“When we play a game, we tackle tough challenges with more creativity, more determination, more optimism, and we're more likely to reach out to others for help.” -Jane McGonial

Game designer Jane McGonigal interviewed by Cameron Evans, U.S. Education CTO, Microsoft

The Cons: What Skeptics Say About the Gamification of Education

Although the use of gamification excites students by providing a fresh and exciting way to learn something that otherwise might be boring material, many are concerned that it can have a negative effect on its participants, especially younger children. Here’s what the critics are saying:

• Not enough research has been done on gamification in the classroom, with the fewest studies done on elementary gamification (Filsecker and Hickey, 2014). Results from the few studies on various elements of gamification conducted in educational settings have mixed results (Marquis, 2013).

• Gamification is taking the meaning out of learning. Many compare gamification to a Pavlovian Response. Rewards, points, badges are extrinsic motivators. Students get excited about this, but novelty wears off quickly, then teachers add to the rewards again and again to keep students motivated (Walker, 2014).

• Game creation can be complex, it can limit the content as far as learning material goes. Games are better for focused learning and used as one element of the broader curriculum (Kleman, 2013).

• Gamification can be expensive. Between the cost of the equipment, software, and any additional training for teachers, it can be very expensive to implement (Kelman, 2014).

• Gamification encourages anti-social behavior and lack of face-to-face time with peers (Marquis, 2013). (This is not necessarily true today – many new technologies have a focus of social play.)

• Gamification may promote shortened attention span. The rapid pace of action and immediate feedback can make people expect the same kind of fast-paced, instantaneous response of all aspects of life (Marquis, 2013).

Distraction from other objectives – Gamification does not always include all subjects, all standards. Students who are highly motivated by gamification, may miss out on certain topics/standards that are not included (Marquis, 2013).

• Although the term gamification was first used in 2010, many people are still unfamiliar with the practice in education today. And according to Frank Smith in his report, Is it Game Over for Gamification?, “Gamification was retired from the 2015 New Media Consortium Horizon Report on emerging technology for K-12 because it just didn’t take hold in education.” NMC CEO Larry Johnson says, “We don’t see it [gamification] making the mainstream. For most people, it’s just too hard to integrate and there are no tools to make it easier,” (Smith, 2015).

What the Research Says About the Gamification of Education

Unlike “game-based learning” (the use of actual video/educational games as instructional mediums), there has been very little research on the effects gamification has had on education, especially that of elementary education. I found a few reports of studies done and they all showed a minimal positive effect overall on education. However, it is worth noting that of the studies I read, none reported a negative effect on motivation, engagement, or learning with gamification.

In Filsecker and Hickey’s 2014 study, A multilevel analysis of the effects of external rewards on elementary students’ motivation, engagement, and learning in an educational game, two groups of public school, 5th graders were compared. One group of students were rewarded with a badge affixed to their in-game virtual avatar. They also were invited to move a paper version of their avatar up and across a physical “leader board” that was prominently placed in the room. Therefore, this reward condition was called Public Recognition (PR) condition. In the control or Non Public Recognition (NPR) condition, students were not offered badges nor given the opportunity to display their progress via the leader board.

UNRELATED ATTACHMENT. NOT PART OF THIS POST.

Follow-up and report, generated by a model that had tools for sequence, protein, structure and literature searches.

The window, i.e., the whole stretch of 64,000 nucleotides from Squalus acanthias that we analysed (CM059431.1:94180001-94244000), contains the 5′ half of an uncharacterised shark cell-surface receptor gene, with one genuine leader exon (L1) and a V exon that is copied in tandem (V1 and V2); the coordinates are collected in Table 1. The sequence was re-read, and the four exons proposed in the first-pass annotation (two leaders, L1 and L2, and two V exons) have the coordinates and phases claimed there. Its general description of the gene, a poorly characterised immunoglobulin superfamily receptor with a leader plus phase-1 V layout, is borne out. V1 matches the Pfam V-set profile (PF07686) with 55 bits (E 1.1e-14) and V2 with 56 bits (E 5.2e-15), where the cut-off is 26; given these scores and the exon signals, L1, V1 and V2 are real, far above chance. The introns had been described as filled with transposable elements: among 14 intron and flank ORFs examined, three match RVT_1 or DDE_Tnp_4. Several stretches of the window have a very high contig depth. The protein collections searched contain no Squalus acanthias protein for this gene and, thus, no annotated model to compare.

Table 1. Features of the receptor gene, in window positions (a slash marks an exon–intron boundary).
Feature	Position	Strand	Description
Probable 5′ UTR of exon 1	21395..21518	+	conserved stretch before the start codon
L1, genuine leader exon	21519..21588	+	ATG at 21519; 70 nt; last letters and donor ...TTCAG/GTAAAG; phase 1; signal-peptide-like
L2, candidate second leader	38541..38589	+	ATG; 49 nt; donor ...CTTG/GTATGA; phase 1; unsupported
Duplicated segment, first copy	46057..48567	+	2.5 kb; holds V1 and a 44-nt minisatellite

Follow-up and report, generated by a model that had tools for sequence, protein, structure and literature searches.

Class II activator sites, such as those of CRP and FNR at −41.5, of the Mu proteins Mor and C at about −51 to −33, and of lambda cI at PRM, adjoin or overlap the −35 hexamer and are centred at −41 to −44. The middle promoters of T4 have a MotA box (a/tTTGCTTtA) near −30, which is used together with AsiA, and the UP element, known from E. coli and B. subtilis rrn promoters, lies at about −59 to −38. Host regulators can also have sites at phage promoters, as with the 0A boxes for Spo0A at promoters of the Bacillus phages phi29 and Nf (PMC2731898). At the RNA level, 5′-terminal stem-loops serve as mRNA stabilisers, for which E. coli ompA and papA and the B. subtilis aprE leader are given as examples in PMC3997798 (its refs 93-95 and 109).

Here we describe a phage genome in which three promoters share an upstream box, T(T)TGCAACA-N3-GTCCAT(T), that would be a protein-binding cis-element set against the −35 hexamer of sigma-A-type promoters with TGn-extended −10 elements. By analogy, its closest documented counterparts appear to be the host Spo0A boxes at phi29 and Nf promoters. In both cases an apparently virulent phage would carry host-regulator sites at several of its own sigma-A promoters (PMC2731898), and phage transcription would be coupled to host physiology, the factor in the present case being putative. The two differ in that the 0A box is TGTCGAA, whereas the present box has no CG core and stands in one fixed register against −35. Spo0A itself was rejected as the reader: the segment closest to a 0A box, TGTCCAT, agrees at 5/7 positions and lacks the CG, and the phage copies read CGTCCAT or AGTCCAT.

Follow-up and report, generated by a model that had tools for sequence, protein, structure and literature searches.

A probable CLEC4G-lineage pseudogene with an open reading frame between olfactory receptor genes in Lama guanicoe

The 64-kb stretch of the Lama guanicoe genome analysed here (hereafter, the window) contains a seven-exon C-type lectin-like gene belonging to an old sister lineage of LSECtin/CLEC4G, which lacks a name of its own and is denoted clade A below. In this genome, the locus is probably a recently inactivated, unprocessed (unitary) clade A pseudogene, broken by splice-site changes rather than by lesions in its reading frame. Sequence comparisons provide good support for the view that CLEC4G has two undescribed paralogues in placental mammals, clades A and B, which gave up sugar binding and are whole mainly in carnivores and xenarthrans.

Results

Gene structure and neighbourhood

The results showed that students in both groups reported similar levels of motivation and the same level of interest. Students in both groups showed the same level of engagement. Findings indicated that the external rewards did not have a negative effect on students’ motivation while learning. And finally, students in the PR group developed significant greater understandings of the science concepts.

This study showed that badges in the context of a technology-based innovation in an elementary school can enhance learning without undermining motivation.

(Filsecker and Hickey, 2014)

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Gamification Action Plan: Strategies/Approaches to Teaching and Learning

• The best strategy for using gamification in the elementary grades would be to start small. As Alice Keeler notes in her article, Gamification: Engaging Students with Narrative, “include a paragraph with a few assignments that tells a little story or gives the students a mission to accomplish. Look for small ways to incorporate the story while students are doing their work” (Keeler, 2015).

• Start with clear, straight-forward rules/expectations and the rewards to match. Make sure the tasks are challenging, yet realistic (differentiated), and focus on a standard or skill students must master (Coffey, 2014).

• Get students involved in the storyline or mission and encourage teamwork with group assignments as well (Keeler, 2015).

• Make the outcomes of the “mission” clear and provide immediate feedback.

• As a teacher uses gamification in his/her classroom, he/she needs to be sure to incorporate the ISTE standards of Technology, making sure students use creativity and innovation, communication and collaboration, research and information, critical thinking, problem solving, and decision making, digital citizenship, and technology operations and concepts.

Evidence of Racial/Cultural Diversity in Planning for Gamification

When looking at racial diversity, gamification supports any group due to the fact that teachers create or select the games to incorporate into their lessons. Teachers must be aware of gender and racial diversity. This can be done in the choice of characters, language, background/setting, or situation of the game/mission. Most existing online platforms provide a great variety of diversity in their system. However, teachers must be aware of this and assess each platform carefully.